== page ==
How to Use the Golden Mean Proportions When Dressing

Following on from last weeks video on how to measure your body proportions.  Here is a short video that shows you a couple of ways to use the Golden Mean (golden ratio, fibonacci series) to dress in a proportioned manner that is flattering.

The golden mean is a ratio that appears in nature and we find aesthetically pleasing.  It’s used in many industries, not just in getting dressed.  I’ve written a little about it before here.

Do you find when you look at your favourite outfits that they are related to one of the golden mean ratios?

Comments

  1. Thanks so very much for these videos. I had measured myself before using your written instructions but got confused somewhere along the line. I’m definitely short waisted, pretty much balanced (31″ to leg break, 32 to the floor), slightly long from chin to midbust. After reading your posts I’ve moved from buying dainty jewelry (that old saw that dictates petites should wear dainty jewelry!) to bolder necklaces because I have a large bust.

    I’m trying to follow the golden mean but find that a top that works with long pants doesn’t work with city shorts–it becomes 1:1. I hate to buy outfits that can’t be mixed and matched. Is there a trick to that? And your advice for short-waist, balanced figures suggest lower rise in pants–but with a pudgy tummy, I find these become real hiphuggers as they slide down a bit and the muffin top spills out.

    • Robin – try to do a column of colour with your city shorts so you don’t need to worry about the proportions of top to bottom. Whatever the colour of them, look for a colour with a similar value (lightness or darkness) so there isn’t an obvious horizontal line created between the top and bottom.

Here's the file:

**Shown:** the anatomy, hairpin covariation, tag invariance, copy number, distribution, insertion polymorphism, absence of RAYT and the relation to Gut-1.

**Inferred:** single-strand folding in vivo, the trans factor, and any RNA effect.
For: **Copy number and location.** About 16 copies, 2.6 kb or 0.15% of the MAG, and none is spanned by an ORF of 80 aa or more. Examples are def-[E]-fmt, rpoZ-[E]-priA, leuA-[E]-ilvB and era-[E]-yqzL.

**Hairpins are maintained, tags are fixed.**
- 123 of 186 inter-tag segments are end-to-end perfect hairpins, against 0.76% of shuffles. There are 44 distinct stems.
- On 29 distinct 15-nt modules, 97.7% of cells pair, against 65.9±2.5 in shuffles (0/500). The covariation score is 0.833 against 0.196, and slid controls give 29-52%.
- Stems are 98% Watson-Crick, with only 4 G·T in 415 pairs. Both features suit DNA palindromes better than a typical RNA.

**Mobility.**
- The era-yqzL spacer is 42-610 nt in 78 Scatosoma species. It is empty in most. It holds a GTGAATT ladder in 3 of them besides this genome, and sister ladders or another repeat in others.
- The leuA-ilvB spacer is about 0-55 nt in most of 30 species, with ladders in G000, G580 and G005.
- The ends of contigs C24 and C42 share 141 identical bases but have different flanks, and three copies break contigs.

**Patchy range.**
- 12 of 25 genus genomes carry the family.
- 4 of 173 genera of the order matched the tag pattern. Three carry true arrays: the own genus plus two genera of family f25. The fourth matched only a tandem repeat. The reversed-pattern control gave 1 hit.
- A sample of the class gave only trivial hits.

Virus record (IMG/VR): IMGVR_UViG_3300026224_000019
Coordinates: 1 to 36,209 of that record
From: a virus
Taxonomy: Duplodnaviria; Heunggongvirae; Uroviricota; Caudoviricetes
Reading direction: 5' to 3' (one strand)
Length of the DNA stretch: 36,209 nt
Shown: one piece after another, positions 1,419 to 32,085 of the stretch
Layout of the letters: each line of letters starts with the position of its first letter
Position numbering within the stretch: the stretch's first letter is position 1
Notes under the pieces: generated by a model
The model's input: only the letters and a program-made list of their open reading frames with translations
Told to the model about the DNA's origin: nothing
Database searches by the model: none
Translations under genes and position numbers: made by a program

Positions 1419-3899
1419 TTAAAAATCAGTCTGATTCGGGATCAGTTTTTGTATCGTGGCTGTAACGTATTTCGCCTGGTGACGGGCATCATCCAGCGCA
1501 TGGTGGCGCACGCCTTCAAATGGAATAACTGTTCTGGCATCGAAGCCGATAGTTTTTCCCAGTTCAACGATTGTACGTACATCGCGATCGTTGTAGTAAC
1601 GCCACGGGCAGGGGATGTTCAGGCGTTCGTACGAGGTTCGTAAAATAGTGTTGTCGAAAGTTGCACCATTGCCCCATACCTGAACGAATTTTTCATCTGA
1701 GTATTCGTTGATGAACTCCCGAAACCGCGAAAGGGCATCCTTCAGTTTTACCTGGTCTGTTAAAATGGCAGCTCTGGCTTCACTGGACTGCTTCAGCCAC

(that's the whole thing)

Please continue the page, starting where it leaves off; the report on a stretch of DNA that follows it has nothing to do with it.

When I say lower rise – I”m talking mid-rise not low low rise so there isn’t muffin top! Also, if you’re wearing your top over your bottom, it doesn’t really matter if you have a high rise if you can’t see the top of the pants, but if you tuck it does make a difference to your proportions.

  2. Big thanks for explaining how important proportions are in dressing – I never thought of it this way. It makes sense now, why the outfits I thought would look fabulous didn’t, why that long long skirt looks fabulous with a short shirt, but not so much with long-sleeved blouse…
    I also always wore skirts very low on my hips, as finding a skirt that fits both my hips and my waist is almost impossible. Now I know why it didn’t look half as good as it should in my opinion, and won’t be buying anything that doesn’t really fit me.

    • Marta – you may have to get your clothes altered as it sounds like your waist is narrower and most manufacturers aren’t actually sewing their clothes for your shape.

  3. Imogen I really enjoy your blog and am so happy that your sweet dog is home with you again. I know I’m late in commenting but I found this entry on proportions and an earlier on one contrasts particularly intriguing. They help to explain why an outfit that I have arranged on a hanger looks great, but then doesn’t look so great on. Your recommendation to use a column of colour will be really useful as a I am a petite I shape so my tops and knee length shorts or skirts often end up in an unflattering 1:1 proportion. I can usually help the proportion by leaving the top untucked, but that only works over a very smooth bottom layer. I can up the contrast of the column of colour with my accessories.

  4. Interesting… I knew about this from art classes, but never had applied it to dressing. I am very short waisted and very long legged when I measure, but it seems I may be lucky in that my waist falls at 3 and then I am 5 parts leg. 2 shoulder to waist, 1 waist to hip and then 4 parts leg…. So my natural proportions favour the golden mean.

  5. Don’t the legs come into this too though? So a 1:1 in your clothes if wearing a skirt and top would be ok if there was another equal proportion in the leg length, especially if wearing tights that tone with the skirt? So over the whole body it would still be 1:2.

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  1. [...] Here’s a great tutorial on how to apply the golden mean to dressing. [...]

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